Wheat Scoop #1716: Wheat Crop Could be Lowest Since 1996
MANHATTAN, Kan. – Two recently completed tours of the Kansas wheat crop confirm what farmers have suspected for some time: the 2011 crop could be one of the worst in many years.
Earlier this month, more than 70 participants of the Wheat Quality Council’s Hard Wheat Tour pegged the Kansas crop to total 256.7 million bushels, averaging about 37 bushels per acre. That is well shy of last year’s 334 million bushel estimate, despite the fact that farmers planted 800,000 more acres of wheat last fall.
On May 11, Kansas Agriculture Statistics released its own forecast of the 2011 wheat crop. It estimates farmers will grow 261.8 million bushels, down 27% from last year and the lowest production since 1996. The KAS predicts farmers will harvest 7.7 million acres, down 300,000 acres from last year and the smallest area harvested since 1957. The agency forecasts an average yield of 34 bushels per acre, down 11 bushels from last year and the lowest yield since 2007.
Dean Stoskopf, a Hoisington farmer on his 10th Hard Wheat Tour, says this year’s crop is the most difficult to estimate in the last five years. “With ideal weather, the crop could increase dramatically,” he says. “However, if dryness persists, the crop could decrease significantly, too.”
Kansas Wheat Chief Executive Officer Justin Gilpin, who participated in the Wheat Quality Council tour, said this year’s tour is notable because of dramatic differences of crop yield potential within the state. He says areas of central, north central and eastern Kansas seem to be faring the best at this point; southwest and west central Kansas farmers are facing difficult harvest prospects.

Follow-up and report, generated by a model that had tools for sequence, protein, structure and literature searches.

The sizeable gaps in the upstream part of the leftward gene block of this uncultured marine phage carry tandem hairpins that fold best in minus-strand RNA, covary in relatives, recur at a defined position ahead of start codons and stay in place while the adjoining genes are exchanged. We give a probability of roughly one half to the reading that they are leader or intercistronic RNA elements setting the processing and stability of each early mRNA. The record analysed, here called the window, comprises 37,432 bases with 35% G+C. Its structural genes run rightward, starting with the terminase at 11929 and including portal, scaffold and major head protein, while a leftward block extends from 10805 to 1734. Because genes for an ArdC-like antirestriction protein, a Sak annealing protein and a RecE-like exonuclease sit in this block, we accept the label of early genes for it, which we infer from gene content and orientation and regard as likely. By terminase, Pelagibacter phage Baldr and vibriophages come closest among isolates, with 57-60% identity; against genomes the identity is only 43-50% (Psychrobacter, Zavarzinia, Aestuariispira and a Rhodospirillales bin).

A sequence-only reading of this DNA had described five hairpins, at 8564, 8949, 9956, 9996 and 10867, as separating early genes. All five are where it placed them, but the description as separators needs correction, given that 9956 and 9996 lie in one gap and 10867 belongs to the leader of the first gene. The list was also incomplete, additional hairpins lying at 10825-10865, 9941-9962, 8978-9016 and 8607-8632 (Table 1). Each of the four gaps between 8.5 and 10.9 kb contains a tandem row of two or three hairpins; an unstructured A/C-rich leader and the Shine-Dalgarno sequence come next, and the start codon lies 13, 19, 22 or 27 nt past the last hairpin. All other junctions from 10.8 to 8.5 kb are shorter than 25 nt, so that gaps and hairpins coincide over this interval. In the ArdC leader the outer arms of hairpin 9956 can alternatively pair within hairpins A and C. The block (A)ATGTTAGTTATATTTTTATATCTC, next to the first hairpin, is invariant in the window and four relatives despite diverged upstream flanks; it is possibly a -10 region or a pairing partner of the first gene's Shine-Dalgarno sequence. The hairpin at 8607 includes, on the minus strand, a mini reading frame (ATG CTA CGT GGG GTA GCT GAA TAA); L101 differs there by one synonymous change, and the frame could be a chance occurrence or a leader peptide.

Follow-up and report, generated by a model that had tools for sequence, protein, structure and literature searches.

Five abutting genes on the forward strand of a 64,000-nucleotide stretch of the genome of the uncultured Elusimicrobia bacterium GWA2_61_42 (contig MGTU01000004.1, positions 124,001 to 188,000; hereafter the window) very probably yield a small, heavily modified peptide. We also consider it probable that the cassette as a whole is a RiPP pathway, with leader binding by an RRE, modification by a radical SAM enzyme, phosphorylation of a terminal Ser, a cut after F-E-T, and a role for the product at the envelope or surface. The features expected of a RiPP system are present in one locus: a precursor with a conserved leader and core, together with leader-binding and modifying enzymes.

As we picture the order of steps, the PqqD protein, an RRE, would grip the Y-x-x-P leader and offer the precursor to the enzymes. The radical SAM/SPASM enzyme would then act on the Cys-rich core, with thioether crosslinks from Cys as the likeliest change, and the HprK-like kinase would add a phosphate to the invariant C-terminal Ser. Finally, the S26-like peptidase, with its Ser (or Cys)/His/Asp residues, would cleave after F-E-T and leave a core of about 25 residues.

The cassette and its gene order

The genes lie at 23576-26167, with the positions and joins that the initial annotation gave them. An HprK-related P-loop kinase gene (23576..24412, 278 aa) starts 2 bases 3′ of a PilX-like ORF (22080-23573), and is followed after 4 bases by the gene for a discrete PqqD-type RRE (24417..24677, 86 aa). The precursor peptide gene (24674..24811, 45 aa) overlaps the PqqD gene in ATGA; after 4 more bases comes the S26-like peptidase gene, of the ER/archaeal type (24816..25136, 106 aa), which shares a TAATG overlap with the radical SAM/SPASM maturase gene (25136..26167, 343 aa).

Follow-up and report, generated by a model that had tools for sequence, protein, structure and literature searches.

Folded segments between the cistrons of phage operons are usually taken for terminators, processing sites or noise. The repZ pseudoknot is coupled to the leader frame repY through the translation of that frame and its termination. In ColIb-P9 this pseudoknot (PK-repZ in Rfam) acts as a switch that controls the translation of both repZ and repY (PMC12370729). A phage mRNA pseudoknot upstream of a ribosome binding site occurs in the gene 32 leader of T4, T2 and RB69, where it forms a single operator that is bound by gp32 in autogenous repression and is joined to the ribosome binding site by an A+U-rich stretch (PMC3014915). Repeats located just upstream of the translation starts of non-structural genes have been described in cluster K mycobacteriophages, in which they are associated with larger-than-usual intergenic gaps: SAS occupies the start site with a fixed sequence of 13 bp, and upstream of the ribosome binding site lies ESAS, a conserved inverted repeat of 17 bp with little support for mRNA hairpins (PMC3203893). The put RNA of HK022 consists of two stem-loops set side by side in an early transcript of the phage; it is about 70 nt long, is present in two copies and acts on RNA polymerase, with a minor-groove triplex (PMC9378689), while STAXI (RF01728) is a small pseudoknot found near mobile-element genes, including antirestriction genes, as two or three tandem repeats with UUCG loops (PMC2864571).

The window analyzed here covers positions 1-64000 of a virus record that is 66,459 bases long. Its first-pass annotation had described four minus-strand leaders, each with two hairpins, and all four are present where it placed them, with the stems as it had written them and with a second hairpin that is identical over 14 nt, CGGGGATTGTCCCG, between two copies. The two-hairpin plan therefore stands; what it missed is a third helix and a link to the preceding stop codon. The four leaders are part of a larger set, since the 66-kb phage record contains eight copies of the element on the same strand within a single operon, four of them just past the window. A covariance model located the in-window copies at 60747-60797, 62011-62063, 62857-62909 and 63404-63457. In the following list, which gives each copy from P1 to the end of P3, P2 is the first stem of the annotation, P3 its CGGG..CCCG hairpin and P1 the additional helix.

“I anticipate farmers may abandon as much as 50% of the dryland wheat in extreme southwest Kansas,” Gilpin says. “Statewide, I expect a 20% abandonment rate.”
David Schemm, president of the Kansas Association of Wheat Growers from Sharon Springs, expects to abandon nearly 40% of his wheat crop due to drought. Insurance adjusters have estimated the yield in those acres at two to three bushels per acre.
A below-normal Kansas wheat crop exacerbates similar weather difficulties in key wheat growing regions throughout the world. “Dryness in the wheat crop in France and Germany is being watched closely by grain traders,” Gilpin explains. However, Russia’s wheat region - which last year suffered through one of its worst dry spells in decades - appears to have recovered. “Russian wheat prospects are expected to improve, and it appears as if the Russian wheat export ban may go away in August,” he adds.
The USDA released its estimate for the entire U.S. winter wheat crop on May 11. It is forecast at 1.42 billion bushels from 32 million acres, down 4% from 2010. The yield forecast is 44.5 bushels per acre, down 2.3 bushels from last year.